The British novelist Elizabeth Goudge’ s books are full of magical, beautifully observed settings, memorable characters and amazing occurrences. These are books you want to walk into and shut the door behind you. Who wouldn’t want to live in the beautiful, falling-down medieval inn, The Herb of Grace of the book of the same name, where the children find the mysterious mural in the jam closet..and then there’s the mysterious couple from the houseboat.
But, as always in Goudge’ s books, the biggest drama is deep within the human spirit. The Herb of Grace is part of a trilogy that explores the repercussions of an adulterous relationship on a family and particularly on the two lovers. So while children explore a mythical-feeling forest and a jaded actor creates a deeply-felt Christmas pageant, the real work of the story goes on beneath the surface, a drama of sin, redemption, acceptance, and grace.
A mystical current runs through all of Goudge’ s work, a blend of Anglican mysticism and nature mysticism. She tackles the impossible, over and over again. What does it feel like to give over your life to God, to experience grace, to repent? Whatever your beliefs, it is fascinating to watch someone take on these questions with such imagination and lyricism. Does she succeed? Is success possible when writing about internal spiritual struggles and states? Try one of these and decide for yourself.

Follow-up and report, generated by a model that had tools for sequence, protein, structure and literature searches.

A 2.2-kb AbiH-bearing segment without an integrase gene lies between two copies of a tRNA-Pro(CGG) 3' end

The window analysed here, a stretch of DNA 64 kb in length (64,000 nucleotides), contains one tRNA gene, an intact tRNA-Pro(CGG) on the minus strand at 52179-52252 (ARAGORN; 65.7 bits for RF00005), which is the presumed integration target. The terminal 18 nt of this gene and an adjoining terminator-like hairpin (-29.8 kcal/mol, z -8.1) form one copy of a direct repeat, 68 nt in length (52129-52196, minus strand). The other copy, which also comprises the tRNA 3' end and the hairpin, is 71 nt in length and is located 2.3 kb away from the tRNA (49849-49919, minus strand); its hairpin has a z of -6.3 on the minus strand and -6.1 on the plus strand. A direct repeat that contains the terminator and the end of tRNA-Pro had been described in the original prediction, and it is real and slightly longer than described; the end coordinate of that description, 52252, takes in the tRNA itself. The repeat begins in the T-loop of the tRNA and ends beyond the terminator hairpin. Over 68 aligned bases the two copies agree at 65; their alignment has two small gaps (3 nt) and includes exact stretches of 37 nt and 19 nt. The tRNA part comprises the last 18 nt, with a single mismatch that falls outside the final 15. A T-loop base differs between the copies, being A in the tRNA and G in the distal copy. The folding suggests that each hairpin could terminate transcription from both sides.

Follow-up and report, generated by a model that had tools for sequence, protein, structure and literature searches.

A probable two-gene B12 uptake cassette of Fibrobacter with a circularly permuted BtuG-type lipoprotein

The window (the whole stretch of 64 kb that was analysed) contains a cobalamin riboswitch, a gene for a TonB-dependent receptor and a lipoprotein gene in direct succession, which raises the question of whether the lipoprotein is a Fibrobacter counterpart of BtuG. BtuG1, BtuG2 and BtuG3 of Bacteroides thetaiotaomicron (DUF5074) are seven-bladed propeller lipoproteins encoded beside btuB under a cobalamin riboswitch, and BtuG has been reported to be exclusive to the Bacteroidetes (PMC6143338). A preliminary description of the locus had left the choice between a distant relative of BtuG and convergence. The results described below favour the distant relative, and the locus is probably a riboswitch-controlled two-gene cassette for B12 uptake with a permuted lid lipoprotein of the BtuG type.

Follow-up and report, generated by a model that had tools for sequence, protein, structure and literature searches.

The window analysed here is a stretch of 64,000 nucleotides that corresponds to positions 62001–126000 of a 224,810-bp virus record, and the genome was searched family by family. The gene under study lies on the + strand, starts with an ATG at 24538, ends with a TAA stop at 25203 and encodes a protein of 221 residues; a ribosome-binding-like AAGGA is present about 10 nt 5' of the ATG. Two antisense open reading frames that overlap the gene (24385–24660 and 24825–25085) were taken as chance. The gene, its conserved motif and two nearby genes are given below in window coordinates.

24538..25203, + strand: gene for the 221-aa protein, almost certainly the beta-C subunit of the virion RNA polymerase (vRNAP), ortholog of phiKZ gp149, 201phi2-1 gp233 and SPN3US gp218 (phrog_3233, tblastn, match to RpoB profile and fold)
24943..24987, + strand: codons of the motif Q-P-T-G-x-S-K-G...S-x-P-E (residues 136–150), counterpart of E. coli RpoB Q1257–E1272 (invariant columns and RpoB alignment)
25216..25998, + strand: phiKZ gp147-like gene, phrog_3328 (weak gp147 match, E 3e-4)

The City of Bells
The Herb of Grace (also published as Pilgrim’s Inn), part of The Eliot Family Trilogy
The Dean’s Watch
Green Dolphin Street
Have I mentioned lately that Goudge also wrote J.K. Rowling’ s favorite children’s book, The White Horse? (Yes, I have). Also one of my favorites, Linnets and Valerians. Much of her work is out of print but sometimes I can find something on http://www.powells.com/ or check out her author page on http://www.amazon.com/Elizabeth-Goudge/e/B000APM9OA/ref=sr_tc_2_0?qid=1413125822&sr=8-2-ent
*I’m doing a off-and-on series on forgotten women novelists, of whom Goudge is the first. Stay tuned.